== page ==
Handel and Hendrix in London
Handel and Hendrix in London comprises two buildings – 23 and 25 Brook Street – within the Mayfair Conservation Area of the City of Westminster. 25 Brook Street was the residence of George Frideric Handel from its construction in 1723 until his death in 1759. 23 Brook Street, the adjacent building, contains the top floor flat where Jimi Hendrix lived while in London in the late 1960s.
The Handel and Hendrix project creates a unique heritage site that celebrates the social, historical and musical heritage of Brook Street and the musical legacy of Handel and Hendrix and makes these accessible to a far larger audience than was previously possible.
Claire Davies, Head of Learning and Participation at Handel & Hendrix commented: “In January 2015 after receiving £1.2 million from the Heritage Lottery Fund, which we match funded, we started the build and it took a year. It involved turning what was the top of 25 Brook Street, the attic space of Handel’s house, into an exhibition space and then knocking through to 23 Brook Street where Hendrix’s flat was. On top of the attic space of Handel’s house, we were also able to build another level which is office space for staff.
“We got the first and second floor of Handel’s house open in 2001 then the plan was always to get the Hendrix flat open. The next stage for us is to restore the ground floor and basement of Handel House.”
Handel House occupies two floors of 25 Brook Street. The four restored historic rooms include Handel’s Bedroom and the Music Room, which was also the dining room, where he rehearsed his musicians and singers and often gave informal recitals for friends and neighbours. Additional rooms in the adjoining house are used for temporary exhibitions, which focus on aspects of Handel’s life, professional career and associates.
The Hendrix Flat occupies the upper floor of 23 Brook Street. The main room of the flat where he lived, entertained friends, rehearsed and wrote new music, and gave numerous press and media interviews has been restored.
Handel & Hendrix in London is also dedicated to learning and education. They aim to promote knowledge, awareness and enjoyment of Handel, Hendrix and their music through inspiring, engaging, fun, creative and informative programmes. A new learning studio has also been created to provide a perfect platform for as wide an audience as possible to see, hear, do and learn.
The architects on the project were Haines Phillips Architects.
Maha Phillips from Haines Phillips commented: “We undertook full architectural services from conception to the completion of the project. We carried out a feasibility study and a master plan for the Museum, undertook design work and liaison with English Heritage and Westminster planning and design department up to the submission of the planning and listed building application, followed by detailed design and production of tender drawings and specifications, and were responsible for architectural duties during the construction stage in liaison with the principal contractor and the design team to realise the project.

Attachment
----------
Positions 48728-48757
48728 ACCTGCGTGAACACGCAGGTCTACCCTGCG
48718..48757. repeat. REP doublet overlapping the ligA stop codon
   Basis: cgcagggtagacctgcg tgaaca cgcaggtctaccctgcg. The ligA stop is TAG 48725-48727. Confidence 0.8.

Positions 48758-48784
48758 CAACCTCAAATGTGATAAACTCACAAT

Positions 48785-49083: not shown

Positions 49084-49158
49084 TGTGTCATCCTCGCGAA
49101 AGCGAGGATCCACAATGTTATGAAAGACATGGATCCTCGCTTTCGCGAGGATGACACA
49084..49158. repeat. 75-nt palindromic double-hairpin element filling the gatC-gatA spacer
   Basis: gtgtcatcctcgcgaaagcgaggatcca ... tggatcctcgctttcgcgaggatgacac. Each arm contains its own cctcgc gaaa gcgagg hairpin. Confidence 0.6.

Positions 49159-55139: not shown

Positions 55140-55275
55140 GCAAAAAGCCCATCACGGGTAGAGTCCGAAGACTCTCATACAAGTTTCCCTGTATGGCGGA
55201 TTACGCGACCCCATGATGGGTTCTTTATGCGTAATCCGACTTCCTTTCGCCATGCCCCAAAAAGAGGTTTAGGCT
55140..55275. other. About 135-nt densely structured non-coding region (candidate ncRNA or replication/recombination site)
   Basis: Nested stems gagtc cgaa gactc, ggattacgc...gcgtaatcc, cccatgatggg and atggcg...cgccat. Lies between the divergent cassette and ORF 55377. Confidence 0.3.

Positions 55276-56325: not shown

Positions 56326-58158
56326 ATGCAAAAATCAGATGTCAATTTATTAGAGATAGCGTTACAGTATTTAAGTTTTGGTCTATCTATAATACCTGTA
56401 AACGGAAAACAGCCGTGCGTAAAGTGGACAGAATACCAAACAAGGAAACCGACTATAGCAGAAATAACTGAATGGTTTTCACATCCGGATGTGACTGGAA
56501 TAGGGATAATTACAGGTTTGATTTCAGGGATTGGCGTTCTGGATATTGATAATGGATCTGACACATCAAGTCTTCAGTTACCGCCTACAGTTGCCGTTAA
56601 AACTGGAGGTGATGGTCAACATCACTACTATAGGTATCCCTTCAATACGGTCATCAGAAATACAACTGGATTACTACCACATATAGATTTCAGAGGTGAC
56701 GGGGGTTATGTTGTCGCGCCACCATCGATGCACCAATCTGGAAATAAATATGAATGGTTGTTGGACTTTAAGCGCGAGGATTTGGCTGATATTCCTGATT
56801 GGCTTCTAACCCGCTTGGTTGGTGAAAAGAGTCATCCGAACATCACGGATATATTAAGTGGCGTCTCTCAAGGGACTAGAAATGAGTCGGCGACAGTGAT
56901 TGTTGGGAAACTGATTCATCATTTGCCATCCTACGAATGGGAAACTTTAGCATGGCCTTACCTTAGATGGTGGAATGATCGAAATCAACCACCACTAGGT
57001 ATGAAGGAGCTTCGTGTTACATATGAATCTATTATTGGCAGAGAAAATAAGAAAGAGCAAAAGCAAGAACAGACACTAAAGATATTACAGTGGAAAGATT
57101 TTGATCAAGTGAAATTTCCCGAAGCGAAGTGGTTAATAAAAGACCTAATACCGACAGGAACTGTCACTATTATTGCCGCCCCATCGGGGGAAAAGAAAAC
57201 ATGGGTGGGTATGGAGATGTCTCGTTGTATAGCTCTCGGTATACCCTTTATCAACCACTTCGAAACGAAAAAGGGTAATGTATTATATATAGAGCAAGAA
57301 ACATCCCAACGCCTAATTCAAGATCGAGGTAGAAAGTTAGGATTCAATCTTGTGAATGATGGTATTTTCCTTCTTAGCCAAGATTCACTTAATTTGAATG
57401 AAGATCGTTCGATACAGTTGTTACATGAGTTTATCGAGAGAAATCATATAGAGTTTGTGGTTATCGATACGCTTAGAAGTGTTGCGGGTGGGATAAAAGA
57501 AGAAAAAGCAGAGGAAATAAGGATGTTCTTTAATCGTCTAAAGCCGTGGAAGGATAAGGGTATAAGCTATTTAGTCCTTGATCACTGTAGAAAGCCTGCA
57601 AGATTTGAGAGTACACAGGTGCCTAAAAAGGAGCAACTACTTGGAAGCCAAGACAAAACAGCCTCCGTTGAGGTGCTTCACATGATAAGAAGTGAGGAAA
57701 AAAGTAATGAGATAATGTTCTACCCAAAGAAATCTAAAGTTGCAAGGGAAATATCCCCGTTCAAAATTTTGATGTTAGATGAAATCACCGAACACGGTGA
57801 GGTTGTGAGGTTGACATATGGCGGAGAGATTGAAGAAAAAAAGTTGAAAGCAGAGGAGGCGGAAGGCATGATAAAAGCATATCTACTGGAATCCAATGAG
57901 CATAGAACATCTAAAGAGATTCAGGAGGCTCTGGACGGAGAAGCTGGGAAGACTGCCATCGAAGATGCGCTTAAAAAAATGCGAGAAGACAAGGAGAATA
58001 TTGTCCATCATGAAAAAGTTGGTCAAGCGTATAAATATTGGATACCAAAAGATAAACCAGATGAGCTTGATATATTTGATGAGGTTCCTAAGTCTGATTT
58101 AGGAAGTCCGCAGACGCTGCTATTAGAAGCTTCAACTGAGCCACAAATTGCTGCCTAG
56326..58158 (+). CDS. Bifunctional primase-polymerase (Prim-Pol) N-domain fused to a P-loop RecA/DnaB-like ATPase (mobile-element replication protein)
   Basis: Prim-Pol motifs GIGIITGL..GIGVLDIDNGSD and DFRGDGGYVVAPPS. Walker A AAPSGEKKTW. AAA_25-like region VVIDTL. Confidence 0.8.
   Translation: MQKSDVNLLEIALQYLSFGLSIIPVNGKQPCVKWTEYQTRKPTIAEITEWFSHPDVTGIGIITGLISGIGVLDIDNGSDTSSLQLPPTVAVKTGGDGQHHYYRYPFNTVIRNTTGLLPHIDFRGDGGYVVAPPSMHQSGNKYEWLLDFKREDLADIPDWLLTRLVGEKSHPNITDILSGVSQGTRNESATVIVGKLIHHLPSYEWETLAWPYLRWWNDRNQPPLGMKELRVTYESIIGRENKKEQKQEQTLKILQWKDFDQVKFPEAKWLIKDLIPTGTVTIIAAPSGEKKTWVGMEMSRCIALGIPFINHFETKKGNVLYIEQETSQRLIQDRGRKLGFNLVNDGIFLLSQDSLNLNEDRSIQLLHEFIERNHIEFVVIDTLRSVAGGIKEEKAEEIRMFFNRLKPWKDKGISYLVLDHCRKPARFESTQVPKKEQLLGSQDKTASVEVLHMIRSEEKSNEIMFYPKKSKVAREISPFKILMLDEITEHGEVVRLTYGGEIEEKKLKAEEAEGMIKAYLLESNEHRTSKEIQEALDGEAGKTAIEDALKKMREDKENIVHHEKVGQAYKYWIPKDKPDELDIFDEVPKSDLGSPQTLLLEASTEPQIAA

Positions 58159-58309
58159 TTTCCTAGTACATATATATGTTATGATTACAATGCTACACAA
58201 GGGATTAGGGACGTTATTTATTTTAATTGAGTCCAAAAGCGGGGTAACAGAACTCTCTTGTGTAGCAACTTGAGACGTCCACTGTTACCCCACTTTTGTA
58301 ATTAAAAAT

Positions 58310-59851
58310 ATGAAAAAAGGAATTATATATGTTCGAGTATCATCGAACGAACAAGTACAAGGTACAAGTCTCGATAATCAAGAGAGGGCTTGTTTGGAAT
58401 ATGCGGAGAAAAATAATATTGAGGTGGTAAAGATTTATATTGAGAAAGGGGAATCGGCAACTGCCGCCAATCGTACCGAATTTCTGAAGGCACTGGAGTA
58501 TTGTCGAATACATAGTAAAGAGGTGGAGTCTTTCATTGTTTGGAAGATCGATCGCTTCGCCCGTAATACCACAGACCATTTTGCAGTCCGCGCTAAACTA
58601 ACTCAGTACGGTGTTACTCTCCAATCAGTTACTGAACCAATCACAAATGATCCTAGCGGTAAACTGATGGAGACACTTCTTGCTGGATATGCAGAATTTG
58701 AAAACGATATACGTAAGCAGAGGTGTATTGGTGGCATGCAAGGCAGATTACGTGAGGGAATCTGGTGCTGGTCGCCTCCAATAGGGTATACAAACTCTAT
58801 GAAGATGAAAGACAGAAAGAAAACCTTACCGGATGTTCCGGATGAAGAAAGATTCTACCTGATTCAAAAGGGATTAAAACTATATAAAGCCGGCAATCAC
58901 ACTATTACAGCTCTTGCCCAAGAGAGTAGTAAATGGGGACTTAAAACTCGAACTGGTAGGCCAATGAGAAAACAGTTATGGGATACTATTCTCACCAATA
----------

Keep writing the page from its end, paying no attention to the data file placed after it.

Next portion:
“Being lead consultant and working with the Design Team on this prestigious project has been a privilege. We have strengthened our track record in working successfully on sensitive listed buildings in tricky urban contexts and have expanded our experience in the cultural and arts fields and in working on Heritage Lottery funded projects.”
The main contractors were Desertoak. Claire praised Desertoak for the work they undertook on the project.
She said: “My biggest observation of the project was how fantastic the construction team were. I have not been very exposed to many building projects but it was so well organised and the people running it were so lovely. All of the workers were really nice and I will always remember that because they were so courteous. We never shut and were always open to the public the whole time and every so often the odd room would be closed but it was done so well and it never felt intrusive.”
Stephen Dear, Associate Director at Desertoak commented: “This project has been one of our favourite projects to work on for many reasons. The main ones being;
The attitude of the professional team and their approach to the project, the staff’s welcoming and accommodating attitude and the challenging works and complex programming required. We were working in four major areas of the museum, whilst they remained open. This was achieved by meticulous planning and the museum accommodating Desertoak to progress in areas ahead of programme.
“We are delighted to have been the main contractor on this successful project and hope to work with the professional team again in the near future completing similar projects.”
The new facilities at Handel & Hendrix in London opened in February 2016.
Claire concluded: “It is really exciting to be part of something that’s new. I love music and history so for me, to work in a place where you can really dip into two periods of history and two types of music is really inspiring. It is particularly exciting to put these things into a learning programme where you can explore all of these amazing moments of music and compare and contrast and find similarities between things that are never usually compared. You would never put these two men together so when you do it creates this big centre of creativity and that makes it exciting and unique and I guess I’m lucky to be able to work in an environment where you get a creative and exciting subject matter.”